An inquest at Cavan courthouse was told that Mr Hawe, 39, had seen a psychotherapist and his GP in the months before the murder-suicide. He was stressed about a dispute with a colleague in school as the academic year drew to a close in June 2016, the hearing was told.

Professor Harry Kennedy, clinical director at the Central Mental Hospital, was asked by Coroner Dr Mary Flanagan to review Mr Hawe's suicide note and reports from his therapist and GP.

He said: "The counselling notes from March to June last year indicate that Alan Hawe was troubled."

Professor Kennedy told the hearing that he believed that at the time Mr Hawe carried out the murder-suicide he had progressed from long-term depression to a severe depressive episode with psychotic symptoms.

"When people act in the course of severe mental illness, such as very severe psychotic mental illness, their judgment is severely impaired," Professor Kennedy said.

The bodies of the Hawe family were discovered after Mary Coll, Clodagh Hawe's mother, called to the Home in Oakdene Downs, Barconey, and saw an envelope on the back door warning for gardai to be called.

Mr Hawe's GP Paula McKevitt told the hearing that she last saw him in her surgery on June 21 last year.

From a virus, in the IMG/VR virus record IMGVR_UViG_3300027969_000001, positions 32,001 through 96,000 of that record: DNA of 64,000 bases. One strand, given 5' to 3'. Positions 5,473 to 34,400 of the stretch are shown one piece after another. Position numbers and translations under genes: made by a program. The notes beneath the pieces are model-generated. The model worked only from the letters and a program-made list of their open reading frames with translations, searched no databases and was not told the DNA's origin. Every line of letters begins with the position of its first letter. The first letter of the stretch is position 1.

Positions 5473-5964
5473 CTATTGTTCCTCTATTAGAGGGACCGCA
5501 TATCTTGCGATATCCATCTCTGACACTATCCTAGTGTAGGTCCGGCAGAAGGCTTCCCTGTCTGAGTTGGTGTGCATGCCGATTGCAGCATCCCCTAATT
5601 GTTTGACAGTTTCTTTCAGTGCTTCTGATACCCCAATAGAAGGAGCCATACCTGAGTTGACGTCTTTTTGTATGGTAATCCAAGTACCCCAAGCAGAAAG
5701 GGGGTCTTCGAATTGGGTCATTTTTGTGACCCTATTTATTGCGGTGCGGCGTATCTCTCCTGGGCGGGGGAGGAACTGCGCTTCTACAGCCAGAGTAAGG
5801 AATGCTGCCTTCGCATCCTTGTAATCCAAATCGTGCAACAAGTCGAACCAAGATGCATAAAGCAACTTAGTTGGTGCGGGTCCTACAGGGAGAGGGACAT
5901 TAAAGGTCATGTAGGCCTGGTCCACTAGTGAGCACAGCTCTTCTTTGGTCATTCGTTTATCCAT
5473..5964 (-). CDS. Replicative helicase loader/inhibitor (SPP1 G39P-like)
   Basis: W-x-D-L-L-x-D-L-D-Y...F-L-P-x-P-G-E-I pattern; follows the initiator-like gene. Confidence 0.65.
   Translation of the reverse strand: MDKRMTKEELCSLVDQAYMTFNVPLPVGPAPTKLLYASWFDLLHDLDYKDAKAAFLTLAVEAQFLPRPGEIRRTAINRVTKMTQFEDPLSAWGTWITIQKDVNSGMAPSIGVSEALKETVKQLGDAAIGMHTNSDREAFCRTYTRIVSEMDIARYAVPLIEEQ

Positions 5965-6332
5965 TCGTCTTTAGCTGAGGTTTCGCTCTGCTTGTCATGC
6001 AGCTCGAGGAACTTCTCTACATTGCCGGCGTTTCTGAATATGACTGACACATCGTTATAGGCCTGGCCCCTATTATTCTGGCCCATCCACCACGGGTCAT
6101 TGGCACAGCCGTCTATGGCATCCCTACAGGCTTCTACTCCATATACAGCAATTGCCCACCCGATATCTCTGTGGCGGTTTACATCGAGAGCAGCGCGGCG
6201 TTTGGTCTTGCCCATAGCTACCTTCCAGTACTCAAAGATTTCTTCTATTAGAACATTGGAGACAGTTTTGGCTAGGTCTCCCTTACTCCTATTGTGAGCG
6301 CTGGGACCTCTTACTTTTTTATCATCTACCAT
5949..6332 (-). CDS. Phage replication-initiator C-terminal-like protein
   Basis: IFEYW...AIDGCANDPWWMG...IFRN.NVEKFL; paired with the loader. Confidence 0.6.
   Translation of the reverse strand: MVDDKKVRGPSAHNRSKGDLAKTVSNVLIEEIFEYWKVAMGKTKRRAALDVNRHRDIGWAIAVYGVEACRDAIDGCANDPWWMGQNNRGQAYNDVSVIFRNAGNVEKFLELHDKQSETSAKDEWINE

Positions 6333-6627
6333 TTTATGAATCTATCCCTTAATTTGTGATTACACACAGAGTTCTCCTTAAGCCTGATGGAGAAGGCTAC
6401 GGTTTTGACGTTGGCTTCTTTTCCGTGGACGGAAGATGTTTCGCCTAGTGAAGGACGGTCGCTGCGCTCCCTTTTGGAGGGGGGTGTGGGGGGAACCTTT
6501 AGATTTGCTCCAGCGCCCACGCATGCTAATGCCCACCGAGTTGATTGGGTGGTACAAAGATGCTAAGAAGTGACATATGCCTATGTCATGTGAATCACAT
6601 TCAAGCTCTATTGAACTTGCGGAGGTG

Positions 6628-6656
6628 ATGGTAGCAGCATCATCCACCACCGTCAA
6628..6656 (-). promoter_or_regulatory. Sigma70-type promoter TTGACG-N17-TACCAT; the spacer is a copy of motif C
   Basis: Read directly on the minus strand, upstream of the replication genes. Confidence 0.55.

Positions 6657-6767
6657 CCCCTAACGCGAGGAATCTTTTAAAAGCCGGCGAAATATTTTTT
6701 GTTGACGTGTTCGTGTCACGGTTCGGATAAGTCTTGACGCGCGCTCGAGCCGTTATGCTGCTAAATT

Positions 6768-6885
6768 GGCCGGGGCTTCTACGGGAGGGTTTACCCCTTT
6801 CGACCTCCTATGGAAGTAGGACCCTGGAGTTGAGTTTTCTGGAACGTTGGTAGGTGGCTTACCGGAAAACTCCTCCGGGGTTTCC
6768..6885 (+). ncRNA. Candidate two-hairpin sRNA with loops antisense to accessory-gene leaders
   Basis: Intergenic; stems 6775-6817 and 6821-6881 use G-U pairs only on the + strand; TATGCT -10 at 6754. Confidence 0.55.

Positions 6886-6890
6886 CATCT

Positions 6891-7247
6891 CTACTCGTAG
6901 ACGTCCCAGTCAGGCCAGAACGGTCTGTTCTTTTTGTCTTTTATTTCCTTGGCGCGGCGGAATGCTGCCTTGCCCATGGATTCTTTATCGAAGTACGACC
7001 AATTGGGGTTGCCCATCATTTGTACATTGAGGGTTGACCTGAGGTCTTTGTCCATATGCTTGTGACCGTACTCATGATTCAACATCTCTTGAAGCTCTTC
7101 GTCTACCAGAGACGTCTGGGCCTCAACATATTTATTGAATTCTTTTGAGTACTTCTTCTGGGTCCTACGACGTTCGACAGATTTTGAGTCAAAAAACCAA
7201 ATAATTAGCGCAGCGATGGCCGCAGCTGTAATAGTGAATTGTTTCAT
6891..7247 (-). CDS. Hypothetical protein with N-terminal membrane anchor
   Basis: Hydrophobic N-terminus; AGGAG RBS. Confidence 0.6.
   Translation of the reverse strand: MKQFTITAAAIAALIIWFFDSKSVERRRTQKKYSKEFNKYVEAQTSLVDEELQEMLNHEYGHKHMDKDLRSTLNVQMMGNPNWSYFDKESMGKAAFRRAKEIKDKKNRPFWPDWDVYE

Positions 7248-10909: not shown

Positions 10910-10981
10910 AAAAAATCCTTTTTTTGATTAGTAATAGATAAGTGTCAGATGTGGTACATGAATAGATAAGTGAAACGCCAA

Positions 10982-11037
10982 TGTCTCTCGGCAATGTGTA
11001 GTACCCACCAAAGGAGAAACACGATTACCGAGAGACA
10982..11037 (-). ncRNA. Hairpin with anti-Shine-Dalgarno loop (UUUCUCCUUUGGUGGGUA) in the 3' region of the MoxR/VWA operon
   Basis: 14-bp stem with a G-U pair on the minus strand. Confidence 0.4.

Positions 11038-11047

Mr Hawe had been to see a psychotherapist David McConnell on the same day.

The counsellor said the vice-principal had wept when he said to him: "'People think of me as a pillar of the community'. He paused and said 'if only they knew'."

Mr McConnell said Mr Hawe gave no indication that he would harm himself or others. Dr McKevitt said Mr Hawe attended her surgery complaining about a sore toenail.

He also told her he had washed his feet in bleach. The GP said he was a little stressed about work and had not been sleeping.

"His focus was clear and his behaviour was normal," Dr McKevitt said. "Nothing in the consultation raised any concern about his mood that day." She added: "Mr Hawe did not have any overt psychological or mental problems leading up to the events on August 29."

Dr McKevitt said Mr Hawe was concerned about an issue in work. "He was concerned about a conflict that had arisen with a colleague and he reported feeling isolated as a result," she told he inquest.

Referring to his review of the suicide note and the GP's and therapist's reports Prof Kennedy said: "Hindsight is always a very unfair advantage."

Directing the jury of six women and one man, Dr Flanagan said she would not reveal the contents of Mr Hawe's suicide note.

"I don't intend to disclose the contents of the notes to the inquest," she said.

"However, I have given the contents of the note to the jury to assist them in their consideration of verdicts."

Dr Flanagan told the jury that they should consider verdicts of unlawful killing for Mrs Hawe and her three boys and suicide for Mr Hawe.

"They have been sworn in to return a verdict consistent with the evidence they have heard," Dr Flanagan said.